20. There’s nothing quite like another inspirational CopyBlogger piece, My website would probably have been confined to the scrapheap a long time ago without this site.

    The urgency part in particular is very though provoking – mental note: stop procrastinating.

    • Hi Gareth-

      Procrastination is a menace all writers confront. So you’re not alone. The writers that do well don’t try to run in the opposite direction. They confront the challenges of procrastination and then blow past them.

      Good luck on your ventures. Keep pushing!


  21. Great advice, especially about writing epic content. Sometimes we just go with the flow and churn out content like a drone, simply because it needs to get done. This doesn’t make it bad content, but it doesn’t make it great content either. Being great takes a lot of work and even more time, but that doesn’t mean we can’t do it!

    • Everything can’t be epic…that’s for sure. But we should all strive to improve the ratio between good and great. And while there might be some short term costs (e.g. more time commitment, more drafting/editing required, etc) the long-term rewards are well worth it.


    • The past has a tendency to repeat itself, so it’s fun to apply the lessons of legends to tomorrow’s potential ๐Ÿ™‚

      So thrilled you enjoyed the read. Thanks for the kind words.


  22. Nice job, Matthew.

    Of course your title was really amazing, and that, (besides the fact that it’s a post on Copyblogger) gently encouraged me to read it.

    I wish had had headline copy down that good.

    Thanks for mentioning Jonathan Fields. He’s a great writer, and has been a huge help to me.

    I could go on, but now I’m trying to think of an amazing headline for a post…

    The Franchise Kingยฎ

    • Thanks for the kind words Joel. The title went through a few revisions itself. I ardently believe, as any good Copyblogger disciple should, that the headline is a supremely vital component to any article.

      I hope yours turned out well ๐Ÿ™‚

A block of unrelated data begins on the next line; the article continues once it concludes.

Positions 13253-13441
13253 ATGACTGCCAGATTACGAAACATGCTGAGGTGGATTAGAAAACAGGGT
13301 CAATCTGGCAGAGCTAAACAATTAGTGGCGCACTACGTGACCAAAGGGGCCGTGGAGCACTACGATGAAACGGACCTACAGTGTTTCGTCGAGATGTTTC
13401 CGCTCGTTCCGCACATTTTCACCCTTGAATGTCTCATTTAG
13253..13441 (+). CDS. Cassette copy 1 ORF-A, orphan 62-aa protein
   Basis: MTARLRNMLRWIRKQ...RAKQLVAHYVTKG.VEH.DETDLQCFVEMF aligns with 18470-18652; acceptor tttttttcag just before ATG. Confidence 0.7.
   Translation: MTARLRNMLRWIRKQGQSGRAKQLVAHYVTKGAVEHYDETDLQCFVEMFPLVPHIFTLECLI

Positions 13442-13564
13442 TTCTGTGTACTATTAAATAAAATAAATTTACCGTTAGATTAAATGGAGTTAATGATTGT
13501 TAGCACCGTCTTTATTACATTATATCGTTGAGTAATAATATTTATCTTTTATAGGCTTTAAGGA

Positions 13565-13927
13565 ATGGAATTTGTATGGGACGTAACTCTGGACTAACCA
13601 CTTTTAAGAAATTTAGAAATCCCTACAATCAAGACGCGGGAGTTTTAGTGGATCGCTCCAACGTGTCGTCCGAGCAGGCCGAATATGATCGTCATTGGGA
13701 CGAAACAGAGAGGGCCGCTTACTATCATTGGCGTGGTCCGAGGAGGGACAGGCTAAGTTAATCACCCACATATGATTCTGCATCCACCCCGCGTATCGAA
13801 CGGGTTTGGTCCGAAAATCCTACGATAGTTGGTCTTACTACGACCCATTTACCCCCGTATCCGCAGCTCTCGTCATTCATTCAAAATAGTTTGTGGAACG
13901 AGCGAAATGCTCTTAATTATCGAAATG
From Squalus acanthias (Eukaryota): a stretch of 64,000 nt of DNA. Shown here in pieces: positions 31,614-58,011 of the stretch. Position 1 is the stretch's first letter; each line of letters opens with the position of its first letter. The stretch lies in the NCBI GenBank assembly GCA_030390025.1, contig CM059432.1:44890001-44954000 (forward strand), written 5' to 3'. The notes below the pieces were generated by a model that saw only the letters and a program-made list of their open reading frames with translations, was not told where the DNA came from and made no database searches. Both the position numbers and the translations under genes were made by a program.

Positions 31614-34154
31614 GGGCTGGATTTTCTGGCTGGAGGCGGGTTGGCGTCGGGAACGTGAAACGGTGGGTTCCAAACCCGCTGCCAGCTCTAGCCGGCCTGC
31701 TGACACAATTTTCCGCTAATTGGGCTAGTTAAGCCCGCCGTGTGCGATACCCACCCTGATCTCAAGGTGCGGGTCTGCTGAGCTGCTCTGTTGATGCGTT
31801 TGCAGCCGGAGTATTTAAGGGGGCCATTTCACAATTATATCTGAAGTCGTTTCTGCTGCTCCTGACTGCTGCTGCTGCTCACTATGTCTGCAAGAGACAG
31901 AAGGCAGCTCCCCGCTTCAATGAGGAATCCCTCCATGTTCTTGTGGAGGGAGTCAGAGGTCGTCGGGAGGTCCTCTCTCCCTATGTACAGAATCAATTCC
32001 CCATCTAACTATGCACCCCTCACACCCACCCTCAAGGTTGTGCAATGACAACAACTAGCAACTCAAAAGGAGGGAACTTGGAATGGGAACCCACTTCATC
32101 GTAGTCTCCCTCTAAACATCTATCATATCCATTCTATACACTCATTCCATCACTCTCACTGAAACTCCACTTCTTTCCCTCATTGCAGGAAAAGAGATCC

23. Hi Matthew,

    I am a huge fan of comparing bloggers and online content creators to Renaissance artists.;)

    This is delicious, very absorbing writing. Thanks for putting these two worlds together like chocolate and cream filling!


  24. In a world of free article directories and PLR with their abundance of poorly written and obviously unedited items, your post is a timely reminder of what we should really be doing. For those who regard writing as an art, this is, if I may say so, the flagship article to remind us that in our distract-me-now, slap-dash, quantity-without-quality world, we have good reason to “construct our own ‘tortoise enclosure.’โ€ Not for us the mediocrity of Grub Street, but rather “the unlocking of [our] full creative potential.” Thank you, Matthew, for this inspiring article and the eight hours you spent creating it.

    • “…flagship article…”, I’m honored ๐Ÿ™‚ You’re very kind Owen!

      You really nailed my sentiments on the subject; namely the gross over-abundance of low-quality articles force fed into an unassuming readership. I don’t at all demagogue people’s genuine spirit to get online and share their stories. But writers (as well as readers) have a responsibility, I think, to learn their craft well and “do no harm” when publishing content.

      Thanks again for the comment!


  25. Hi Matthew!

    I so love this post! Made me relive my fascination with the Ninja Turtles. Was really expecting you’d say something about Donatello, too! ๐Ÿ™‚

    Love the quotes from the great artists themselves. Will definitely serve as an inspiration for me this week.

    • Hi Elmar-

      I’m glad I could spark a trip down memory lane for you! Go Ninja go ๐Ÿ™‚

      Agreed on Donatello – I just couldn’t find a reliable quote. Shucks.

      Hope you’re well.


  26. Hi Matt,

    Absolutely loved this post! I do social media for an art museum, so it was great seeing you apply communication strategies to Renaissance artists. Also, I grew up with the Teenage Mutant Ninja Turtles, so the childhood nostalgia earns you an extra bonus of appreciation. ๐Ÿ™‚

    Keep up the great work!


This article's comments are closed.